People and organisations get into trouble however when this support scaffolding does not exist and leaders find them selves exposed. Without the base of knowledge however they are not even aware of what they don’t know and the peril that they may be in (Think Rasmussen’s Boundaries of Failure model). This gets compounded when knowledge dept gaps become structurally build into an organisation hierachy’s — especially one’s with high turnover. People “get away” with not learning something fundamental to the business when the conditions for failure might not present themselves over the same organisational lifetime as people move through new roles. Eventually however when the perfect storm arises, all of a sudden the house of cards is exposed and disaster strikes.
I’m not sure I have a lot of advice on how to manage this well. If you are good enough to learn quickly then go for it, the so called baptism by fire. Maybe you need to be more aware and take your time to make sure this debt doesn’t get ahead of you.
A continuous learning mindset is a good start. Think Warren Buffet’s example of compounding knowledge. Sergey Vasilyev— provides the following advice 
  • Track the knowledge debt. Do not deny it, do not hide it. Notice when you take some new pieces of knowledge, or you make some decisions, especially if they were suspicious and questionable. Write them down to your notes (or to your diary).
  • Self-review your knowledge debt from time to time. Ask yourself a question on each such belief: Do I still believe in that? Were there any conflicts with the reality? What new data have I denied because they do not fit into this mental model?
  • Peer-review your whole knowledge. Regularly, always. Even if it does not look like a knowledge debt. Never hard-wire the new data into your brain until discussed with others. Raise the various topics from your knowledge at the beer-parties. Visit the job interviews, conferences, meetups. Talk to people.
  • Refactor regularly. This is the most difficult part: drop the unneeded data out, forget it, re-adjust the mental models. Meditation can help here (not the classical one, with no thoughts, only the flow; but the intensively thought-full one).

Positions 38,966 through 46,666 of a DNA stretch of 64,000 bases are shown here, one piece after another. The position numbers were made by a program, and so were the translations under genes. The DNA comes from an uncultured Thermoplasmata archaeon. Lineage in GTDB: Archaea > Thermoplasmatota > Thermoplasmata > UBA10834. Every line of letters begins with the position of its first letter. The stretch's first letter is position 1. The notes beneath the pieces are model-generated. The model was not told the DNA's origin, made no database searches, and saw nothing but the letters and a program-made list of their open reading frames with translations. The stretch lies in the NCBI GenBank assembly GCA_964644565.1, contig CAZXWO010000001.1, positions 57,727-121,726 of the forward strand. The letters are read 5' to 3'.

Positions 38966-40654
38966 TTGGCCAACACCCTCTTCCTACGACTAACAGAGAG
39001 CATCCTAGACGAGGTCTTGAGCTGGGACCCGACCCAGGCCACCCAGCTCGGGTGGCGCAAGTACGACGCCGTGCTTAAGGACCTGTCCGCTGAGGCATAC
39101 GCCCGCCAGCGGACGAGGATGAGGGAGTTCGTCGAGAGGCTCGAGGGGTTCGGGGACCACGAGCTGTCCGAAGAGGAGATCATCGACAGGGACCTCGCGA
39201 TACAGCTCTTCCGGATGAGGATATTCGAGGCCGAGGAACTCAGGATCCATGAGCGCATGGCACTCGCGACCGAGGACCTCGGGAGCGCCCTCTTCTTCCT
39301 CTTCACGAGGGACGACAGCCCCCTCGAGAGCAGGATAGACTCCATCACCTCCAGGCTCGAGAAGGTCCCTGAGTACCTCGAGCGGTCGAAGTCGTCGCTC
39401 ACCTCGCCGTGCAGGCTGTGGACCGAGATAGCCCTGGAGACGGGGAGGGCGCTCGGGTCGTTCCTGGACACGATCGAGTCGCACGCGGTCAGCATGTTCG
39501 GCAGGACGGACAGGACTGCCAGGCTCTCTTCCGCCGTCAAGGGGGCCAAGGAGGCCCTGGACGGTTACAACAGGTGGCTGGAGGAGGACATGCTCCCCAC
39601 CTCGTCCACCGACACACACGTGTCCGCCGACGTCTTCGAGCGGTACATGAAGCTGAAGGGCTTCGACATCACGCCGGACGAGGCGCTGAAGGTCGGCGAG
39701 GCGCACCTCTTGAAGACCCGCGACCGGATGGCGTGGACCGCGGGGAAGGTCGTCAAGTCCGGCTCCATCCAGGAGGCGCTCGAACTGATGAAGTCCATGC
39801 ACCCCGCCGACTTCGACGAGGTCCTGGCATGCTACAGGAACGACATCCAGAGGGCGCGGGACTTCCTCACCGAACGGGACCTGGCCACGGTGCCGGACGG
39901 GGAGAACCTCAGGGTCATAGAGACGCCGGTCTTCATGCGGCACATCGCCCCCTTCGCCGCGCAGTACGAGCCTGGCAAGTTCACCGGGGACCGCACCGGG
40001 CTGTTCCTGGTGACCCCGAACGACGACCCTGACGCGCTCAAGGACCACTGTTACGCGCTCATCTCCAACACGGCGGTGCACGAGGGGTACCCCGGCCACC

If you are a leader have a think about how you are supporting your people to get the right balance of knowledge debt, without setting them up to fail. With the leaders job not so much to provide the knowledge as much to encourage the environment in which it can be learnt. Writes Otto Scharmer in Theory U 
… Just as the farmer cannot “drive” a plant to grow faster, a leader or change maker in an organisation or a community cannot force practical results. Instead, attention must be focused on improving the quality of the soil. What is the quality of the social soil? It is the quality of relation ships among individuals, team and institutions that give rise to collective behavior and practical results (p23)
Let me know what you think? I’d love your feedback. If you haven’t already then sign up for a weekly dose just like this.
Get in touch… — linktr.ee/Tomconnor
More like this from 10x Curiosity
Links that made me think....
Arundhati Roy: ‘The pandemic is a portal’ | Free to read  | Financial Times
Theodore Roosevelt on the Cowardice of Cynicism and the Courage to Create Rather Than Tear Down – Brain Pickings
Yeap! Finland Will Become The First Country In The World To Get Rid Of All School Subjects
Defining the problem of elevator waiting times – Signal v. Noise
Did you enjoy this issue?
In order to unsubscribe, click here.
If you were forwarded this newsletter and you like it, you can subscribe here.
Powered by Revue